|Publication number||US4685915 A|
|Application number||US 06/597,619|
|Publication date||Aug 11, 1987|
|Filing date||Apr 6, 1984|
|Priority date||Apr 6, 1984|
|Also published as||CA1245001A1, DE3578678D1, EP0157649A2, EP0157649A3, EP0157649B1|
|Publication number||06597619, 597619, US 4685915 A, US 4685915A, US-A-4685915, US4685915 A, US4685915A|
|Inventors||Margaret H. Hasse, Mark J. Steinhardt|
|Original Assignee||The Procter & Gamble Company|
|Export Citation||BiBTeX, EndNote, RefMan|
|Patent Citations (16), Referenced by (78), Classifications (17), Legal Events (5)|
|External Links: USPTO, USPTO Assignment, Espacenet|
This invention pertains to disposable absorbent products such as disposable diapers, and disposable briefs for incontinents. More specifically, this invention pertains to such products which have absorbent cores comprising hydrophilic fibers, or mixtures of hydrophilic fibers with discrete particles of highly absorbent materials such as, for example, water-insoluble hydrogels; and wherein the absorbent cores have central portions which are more dense and have higher basis weight per unit area than end portions of the core. As used herein, "highly absorbent materials" means materials which have the property to absorb water up to ten (10) or more times their own weights. Generally speaking such material will be present in particulate form in large enough particle sizes to not readily sift out of the fibrous matrix of the disposable diaper cores of interest, yet small enough particles to enable them to absorb effectively (e.g., sufficiently small to not have their potential absorbency substantially vitiated by gel blocking or analogous phenomena) and small enough that the diaper cores do not feel gritty.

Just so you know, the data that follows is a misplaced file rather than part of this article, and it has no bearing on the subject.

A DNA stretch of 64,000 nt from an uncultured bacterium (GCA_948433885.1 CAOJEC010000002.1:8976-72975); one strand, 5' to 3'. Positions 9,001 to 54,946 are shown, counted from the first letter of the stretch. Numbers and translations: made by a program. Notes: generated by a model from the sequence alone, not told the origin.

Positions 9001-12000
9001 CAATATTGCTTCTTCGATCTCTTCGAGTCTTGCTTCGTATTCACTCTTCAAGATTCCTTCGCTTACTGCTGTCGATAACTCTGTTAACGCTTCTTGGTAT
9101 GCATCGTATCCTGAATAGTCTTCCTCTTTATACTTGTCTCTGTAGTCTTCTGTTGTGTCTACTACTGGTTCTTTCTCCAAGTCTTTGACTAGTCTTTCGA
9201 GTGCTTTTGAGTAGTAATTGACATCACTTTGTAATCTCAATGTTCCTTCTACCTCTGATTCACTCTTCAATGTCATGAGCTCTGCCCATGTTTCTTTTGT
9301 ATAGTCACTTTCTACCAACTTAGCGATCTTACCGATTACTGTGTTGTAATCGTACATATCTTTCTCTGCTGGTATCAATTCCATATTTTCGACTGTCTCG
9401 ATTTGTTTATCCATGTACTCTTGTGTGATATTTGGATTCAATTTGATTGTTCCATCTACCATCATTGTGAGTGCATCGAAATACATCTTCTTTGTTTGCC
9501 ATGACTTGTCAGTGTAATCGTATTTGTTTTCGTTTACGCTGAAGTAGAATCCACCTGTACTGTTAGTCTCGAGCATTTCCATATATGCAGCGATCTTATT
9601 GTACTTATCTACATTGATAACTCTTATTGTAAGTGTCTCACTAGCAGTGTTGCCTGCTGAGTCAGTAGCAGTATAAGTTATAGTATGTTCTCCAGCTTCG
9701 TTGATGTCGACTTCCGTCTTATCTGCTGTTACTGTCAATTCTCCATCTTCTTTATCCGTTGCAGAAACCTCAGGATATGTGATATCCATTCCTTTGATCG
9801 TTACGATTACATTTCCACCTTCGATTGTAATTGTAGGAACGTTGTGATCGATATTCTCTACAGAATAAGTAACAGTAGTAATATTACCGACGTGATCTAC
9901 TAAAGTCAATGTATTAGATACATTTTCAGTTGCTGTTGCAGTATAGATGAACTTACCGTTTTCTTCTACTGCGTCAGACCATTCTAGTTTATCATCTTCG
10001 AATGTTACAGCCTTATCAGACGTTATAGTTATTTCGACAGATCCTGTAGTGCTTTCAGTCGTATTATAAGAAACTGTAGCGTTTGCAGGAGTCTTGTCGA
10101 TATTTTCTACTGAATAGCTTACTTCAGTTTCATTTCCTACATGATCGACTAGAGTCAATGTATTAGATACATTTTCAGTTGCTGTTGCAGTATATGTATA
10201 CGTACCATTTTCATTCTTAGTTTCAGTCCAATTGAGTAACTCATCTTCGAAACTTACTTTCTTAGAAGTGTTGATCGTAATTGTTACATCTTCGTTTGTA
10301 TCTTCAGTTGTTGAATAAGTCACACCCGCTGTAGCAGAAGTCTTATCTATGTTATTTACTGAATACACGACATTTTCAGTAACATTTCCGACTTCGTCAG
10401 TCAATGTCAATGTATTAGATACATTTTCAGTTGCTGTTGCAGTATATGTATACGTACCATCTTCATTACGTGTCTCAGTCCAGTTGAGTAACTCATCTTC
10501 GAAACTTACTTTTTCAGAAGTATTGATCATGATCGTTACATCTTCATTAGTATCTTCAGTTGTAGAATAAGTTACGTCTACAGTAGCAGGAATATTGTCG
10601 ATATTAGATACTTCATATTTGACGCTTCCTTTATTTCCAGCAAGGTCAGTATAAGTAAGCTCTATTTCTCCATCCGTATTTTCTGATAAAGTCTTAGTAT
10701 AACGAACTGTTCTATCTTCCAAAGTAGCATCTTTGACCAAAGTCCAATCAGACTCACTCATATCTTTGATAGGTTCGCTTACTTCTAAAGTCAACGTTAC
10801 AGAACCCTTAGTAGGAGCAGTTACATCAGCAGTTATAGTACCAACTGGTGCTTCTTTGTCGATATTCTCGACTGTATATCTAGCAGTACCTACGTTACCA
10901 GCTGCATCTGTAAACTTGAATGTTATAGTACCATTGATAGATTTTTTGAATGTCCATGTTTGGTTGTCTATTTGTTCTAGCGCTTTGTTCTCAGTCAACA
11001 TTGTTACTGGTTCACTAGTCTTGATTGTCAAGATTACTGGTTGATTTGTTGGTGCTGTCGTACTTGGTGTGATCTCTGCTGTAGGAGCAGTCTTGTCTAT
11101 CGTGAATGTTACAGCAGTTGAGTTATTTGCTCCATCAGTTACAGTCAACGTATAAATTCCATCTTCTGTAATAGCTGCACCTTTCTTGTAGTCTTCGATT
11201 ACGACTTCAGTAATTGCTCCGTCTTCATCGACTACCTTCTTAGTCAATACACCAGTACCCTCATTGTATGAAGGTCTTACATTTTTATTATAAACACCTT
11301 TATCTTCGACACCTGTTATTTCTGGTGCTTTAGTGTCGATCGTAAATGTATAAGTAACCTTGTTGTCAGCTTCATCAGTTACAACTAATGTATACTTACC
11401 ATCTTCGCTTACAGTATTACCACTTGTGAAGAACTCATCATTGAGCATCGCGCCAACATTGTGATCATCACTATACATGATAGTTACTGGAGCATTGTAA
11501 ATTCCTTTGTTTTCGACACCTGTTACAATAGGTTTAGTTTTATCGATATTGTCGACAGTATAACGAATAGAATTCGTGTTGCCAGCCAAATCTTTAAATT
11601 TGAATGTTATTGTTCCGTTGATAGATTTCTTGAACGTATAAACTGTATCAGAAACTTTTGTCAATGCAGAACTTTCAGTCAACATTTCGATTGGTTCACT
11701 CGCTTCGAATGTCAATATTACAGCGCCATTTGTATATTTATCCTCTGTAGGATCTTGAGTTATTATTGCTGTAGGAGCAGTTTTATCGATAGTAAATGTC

A disposable diaper construction wherein the absorbent core has a thin dense central portion and thick, low density end portions is disclosed in U.S. Pat. No. 3,592,194 which issued July 13, 1971 to Robert C. Duncan; and a Disposable Diaper with Localized Area of Increased Density is disclosed in U.S. Pat. No. 4,213,459 which issued July 22, 1980 to Wayne C. Sigl et al., and which shows constructions having dense core areas which extend from the center of the crotch region to the rear edge of the core but which dense areas do not extend to the side edges of the core. An Apparatus For Continuously Making An Air-Laid Fibrous Web Having Patterned Basis Weight Distribution is disclosed in U.S. Pat. No. 4,388,056 which issued June 14, 1983 to Frankie B. Lee and Orin Jobes, Jr. Absorbent cores having patterned densification, and apparatus for making such cores are disclosed in U.S. Pat No. 4,027,672 which issued June 7, 1977 to Hamzeh Karami. Disposable diapers having profiled thicknesses, and compressed channels are disclosed in U.S. Pat. Nos. 3,766,922 which issued Oct. 23, 1973 to Evelyn H. Krusko, and Re. 29,789 which was reissued Oct. 2, 1978 to Charles G. Kolbach. Disposable diapers having elasticized contractable side portions and a variety of core shapes are shown in U.S. Pat. No. 3,860,003 which issued Jan. 14, 1975 to Kenneth Barclay Buell. Additionally, U.S. Pat. No. 4,335,803 which issued June 29, 1982 to Virginia L. Repke discloses disposable diapers having a variety of plan-view shaped cores which may have densified longitudinal lines for improved capillarity, and which have elasticized longitudinal edge portions. Furthermore, U.S. Pat. No. 4,429,001 which issued Jan. 31, 1984 to Barbara E. Kolpin et al. discloses an exemplary Sheet Product Containing Sorbent Particulate Material, and delineates a representative selection of additional patents which also disclose absorbent structures having particles of highly absorbent material dispersed in them.